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What’s disinflation, and why does it matter?

Sabri Ben-Achour Jul 30, 2020
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The menu of a ramen restaurant, for instance, can illustrate inflation, disinflation or deflation. Frederic J. Brown/AFP via Getty Images

What’s disinflation, and why does it matter?

Sabri Ben-Achour Jul 30, 2020
Heard on:
The menu of a ramen restaurant, for instance, can illustrate inflation, disinflation or deflation. Frederic J. Brown/AFP via Getty Images
HTML EMBED:
COPY

We heard from Federal Reserve Chair Jerome Powell on Wednesday that the shock the economy is going through right now is “disinflationary.” Disinflation is different from deflation. So what does it mean?

I am live on the scene, ladies and gentlemen. I’m on the corner of 50th and 10th in Manhattan. I’m outside of this ramen restaurant, and longtime diner and my roommate, Meng Chi, is here. Meng, can you tell me what happened?

“The [price of this] ramen went up by $3,” Meng said. He’s devastated, and said other restaurants’ prices stayed about the same.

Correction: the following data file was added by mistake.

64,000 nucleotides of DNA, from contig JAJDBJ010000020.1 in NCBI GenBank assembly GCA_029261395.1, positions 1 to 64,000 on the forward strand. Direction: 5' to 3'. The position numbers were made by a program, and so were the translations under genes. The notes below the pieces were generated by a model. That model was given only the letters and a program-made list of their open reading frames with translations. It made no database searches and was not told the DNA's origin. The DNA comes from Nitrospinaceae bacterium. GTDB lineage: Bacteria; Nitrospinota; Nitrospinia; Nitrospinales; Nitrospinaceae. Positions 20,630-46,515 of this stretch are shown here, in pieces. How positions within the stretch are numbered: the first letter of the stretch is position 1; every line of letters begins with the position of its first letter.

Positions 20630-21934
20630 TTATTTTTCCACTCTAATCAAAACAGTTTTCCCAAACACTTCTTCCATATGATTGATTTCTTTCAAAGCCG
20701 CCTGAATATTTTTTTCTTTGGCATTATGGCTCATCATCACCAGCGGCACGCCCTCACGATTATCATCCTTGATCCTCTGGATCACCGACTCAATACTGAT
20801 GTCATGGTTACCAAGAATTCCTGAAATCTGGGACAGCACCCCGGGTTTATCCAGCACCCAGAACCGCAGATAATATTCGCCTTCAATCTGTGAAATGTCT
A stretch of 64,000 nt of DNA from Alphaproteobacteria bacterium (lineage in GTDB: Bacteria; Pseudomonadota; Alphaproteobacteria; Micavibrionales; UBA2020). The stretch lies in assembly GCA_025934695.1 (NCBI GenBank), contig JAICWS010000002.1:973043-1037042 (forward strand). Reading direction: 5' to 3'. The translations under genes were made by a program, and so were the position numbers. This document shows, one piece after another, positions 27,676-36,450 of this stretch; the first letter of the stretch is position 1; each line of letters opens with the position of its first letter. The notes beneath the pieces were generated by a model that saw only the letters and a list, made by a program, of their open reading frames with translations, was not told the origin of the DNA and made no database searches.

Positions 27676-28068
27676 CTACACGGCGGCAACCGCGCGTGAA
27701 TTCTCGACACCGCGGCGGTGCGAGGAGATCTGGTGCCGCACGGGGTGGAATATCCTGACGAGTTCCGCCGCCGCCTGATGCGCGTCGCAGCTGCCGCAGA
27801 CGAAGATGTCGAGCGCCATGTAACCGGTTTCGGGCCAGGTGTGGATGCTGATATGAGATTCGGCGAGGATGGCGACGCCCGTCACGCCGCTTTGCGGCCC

So turns out that disinflation looks a lot like inflation. That’s because disinflation is inflation, just less of it on average.

“Disinflation is a slowing of the inflation rate,” said Alan Detmeister, economist with UBS.

So inflation is still happening overall, just not as much. Because while that restaurant’s prices are going up on 10th Avenue, other things are coming down. Over on 9th Avenue, you’ll find Darius Glover, a personal trainer with Gloverfit.com. He trains his clients outside now.

“Without the amenities and equipment I would normally have at my facilities, I lowered my rates 20, 30%,” Glover said.

Prices in the U.S. fell in March, April and May, but they’re turning around. And over the past year, prices are still rising. Slowing inflation is different from deflation.

“Deflation is something serious,” said Markus Brunnermeier, an economist at Princeton University. Deflation is sustained falling of overall prices over months and years. It squeezes companies and makes it harder to pay off old debts.

“And that makes bankruptcy levels go up and so forth, and that makes the whole economy go down,” Brunnermeier said.

That’s not where we’re at. The drops in prices look pretty temporary and not pervasive.

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